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A view from the bleachers




And then, he wandered over to the podium with more swag than Mick Jagger. Flowing grey hair, an unbuttoned wing-tip shirt, a slightly dishevelled tailored black suite – this was Bernard-Henri Levy, rock star of French philosophers, towering intellectual and international media icon.

Suave and debonair, Levy in his poetic French accent, took to the stage at the Jewish Board of Deputies conference and erupted into animated gestures, impassioned pleas from the heart and a clarity of thought that cut through the fog of political posturing.

Flying in from the bloodstained streets of Paris, Levy let loose on the new anti-Semitism, on the rise of Islamic fundamentalist terror and on the bankrupt policies of the BDS movement.

“Israel is open to everyone,” said Levy “It is not an apartheid state.” He described the Boycott, Divestment and Sanctions movement, as a fascist movement led by idiots. Bernard-Henri Levy stole the show. 

The biannual conference of the Jewish Board of Deputies, left no room for questions or debate, it was a carefully orchestrated showcase presenting some of the best that world Jewry had to offer. Former President Kgalema Motlanthe and billionaire businessman Patrice Motsepe sat in the audience.

The 1 000 strong audience rose in muted smatterings of applause, welcoming President Jacob Zuma to the stage but offered waves of cheer to Public Protector Thuli Madonsela in the house. Even President Zuma was forced to join in the rapturous applause.

Zuma began his address with the standard recitation of the roll-call of Jews involved in the anti-apartheid Struggle, but appeared to lose his audience with the idea that “the organised attacks in Paris have brought sharp focus onto the problem of global terrorism… All these attacks, wherever they occur, put the spotlight on the Middle East peace process.

“It is difficult to imagine peace in the world without the achievement of peace in the Middle East. South Africa continues to contribute to attempts at finding peace in the Middle East, especially with the age-old Palestinian-Israeli question.”

The Times of Israel, maybe unfairly, immediately lead with a headline: “S African president links Paris attacks to Israeli-Palestinian conflict”.

When Zuma said: “We believe that the key to peace in the Middle East is the establishment of a free and sovereign Palestinian state, co-existing in peace with the State of Israel, based on the borders of June 1967, with East Jerusalem as its capital”, the audience hissed and booed the President, despite the fact that this formulation is identical to the offers made by Israeli Prime Ministers Yitzhak Rabin, Ehud Barak and Ehud Olmert. The Citizen newspaper commented: “But this did not go down well… there were murmurings last night by a section of the crowd…”

Zuma reiterated that South Africa “shall, in the future, invite to our shores different groups that are involved in the Middle East Peace Process so as to share with them our past experiences and to also exchange views with them”. He failed to mention that no Israelis had been invited.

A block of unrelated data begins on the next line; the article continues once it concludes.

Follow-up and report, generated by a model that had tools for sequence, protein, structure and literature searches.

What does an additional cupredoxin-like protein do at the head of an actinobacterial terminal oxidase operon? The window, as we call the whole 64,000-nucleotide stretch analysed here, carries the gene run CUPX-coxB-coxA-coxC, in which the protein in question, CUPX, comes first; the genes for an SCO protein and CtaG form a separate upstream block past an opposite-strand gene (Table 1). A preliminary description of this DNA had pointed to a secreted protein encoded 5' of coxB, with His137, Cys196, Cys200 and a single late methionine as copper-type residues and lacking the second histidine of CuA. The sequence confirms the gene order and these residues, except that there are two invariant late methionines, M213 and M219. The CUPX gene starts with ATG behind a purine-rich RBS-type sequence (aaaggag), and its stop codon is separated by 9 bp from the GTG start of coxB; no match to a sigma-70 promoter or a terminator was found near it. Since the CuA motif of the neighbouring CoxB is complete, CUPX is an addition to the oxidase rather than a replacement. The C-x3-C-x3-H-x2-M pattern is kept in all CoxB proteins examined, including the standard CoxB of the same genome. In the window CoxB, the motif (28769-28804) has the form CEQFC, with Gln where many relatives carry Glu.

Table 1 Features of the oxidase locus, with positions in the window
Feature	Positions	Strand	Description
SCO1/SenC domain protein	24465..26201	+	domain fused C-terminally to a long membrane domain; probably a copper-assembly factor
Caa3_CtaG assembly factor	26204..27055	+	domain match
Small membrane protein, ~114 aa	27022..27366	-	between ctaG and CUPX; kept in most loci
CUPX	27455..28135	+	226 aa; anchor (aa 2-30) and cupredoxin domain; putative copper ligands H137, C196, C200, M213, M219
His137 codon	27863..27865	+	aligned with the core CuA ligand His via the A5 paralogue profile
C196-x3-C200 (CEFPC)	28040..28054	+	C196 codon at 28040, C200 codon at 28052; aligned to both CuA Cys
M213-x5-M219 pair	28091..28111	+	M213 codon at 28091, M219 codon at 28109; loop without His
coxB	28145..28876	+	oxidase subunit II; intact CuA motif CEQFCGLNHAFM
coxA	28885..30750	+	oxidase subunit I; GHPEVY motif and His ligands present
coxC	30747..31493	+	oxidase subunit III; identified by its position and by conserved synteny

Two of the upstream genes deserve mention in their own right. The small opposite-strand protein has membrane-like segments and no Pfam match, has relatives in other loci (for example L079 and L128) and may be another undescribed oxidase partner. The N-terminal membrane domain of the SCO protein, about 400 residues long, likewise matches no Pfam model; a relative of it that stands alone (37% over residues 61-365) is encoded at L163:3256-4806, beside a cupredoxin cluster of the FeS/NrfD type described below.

The speech was highlighted by Zuma’s continued support for a two-state solution, an acknowledgement that the manner the ANC had welcomed Hamas could have been handled better.

“The coming of Hamas into South Africa has caused some concern among the Jewish community. The manner in which Hamas was received concerned the Jewish community. We are aware of that, and it is noted.

“We are also aware that we did not communicate with the Jewish community beforehand. But we believe that South Africa can play a role and we are in the process of making a stronger interaction on both sides. I hope we work together, as we did before, with the Jewish community.”

Of far greater significance was the fact that President Zuma twice applauded the statement that Israel was not an apartheid state. That in itself made the Zuma appearance worthwhile and notable.

The dishevelled group of five lonely BDS demonstrators, claiming to be Jewish, protesting at the gates of the casino, must have felt deeply betrayed by Zuma’s applause.

Ambassador Ronald Lauder, businessman, art collector, philanthropist and scion of the Este Lauder cosmetics fortune, rose to the podium in his capacity as president of the World Jewish Congress.

“South Africa represents a beacon of hope in a very troubled world,” said Lauder, while reading from his American presidential style teleprompter.

“During a time where no one feels safe anywhere, where there are not many examples of conflicts resolved peacefully, South Africa stands out as a shining star…

“I am not naïve. I am aware of the difficulties. But I believe South Africa can engage all parties and explain why violence must be rejected. South Africa can show that compromise in the interest of peace with respect for the other side, can lead to a better future for all. And South Africa can show the importance of democratic values and the acceptance of other cultures.”

Lauder, condemned “terrorist organisations” like Hamas saying: “They continue to call for the destruction of Israel, I believe South Africa can engage all parties and explain why violence should be rejected.”

As famed as Lauder is for his Jewish work, his true claim to fame was his purchase in 2006 of Gustav Klimt’s Portrait of Adele Bloch-Bauer I  for $135 million, the most expensive artwork ever purchased at the time.


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1 Comment

1 Comment

  1. Bev Goldman

    Nov 26, 2015 at 6:34 am

    ‘In a nutshell, Howard – in a nutshell you captured the atmosphere at the Conference.  Thank you for a most entertaining read.’

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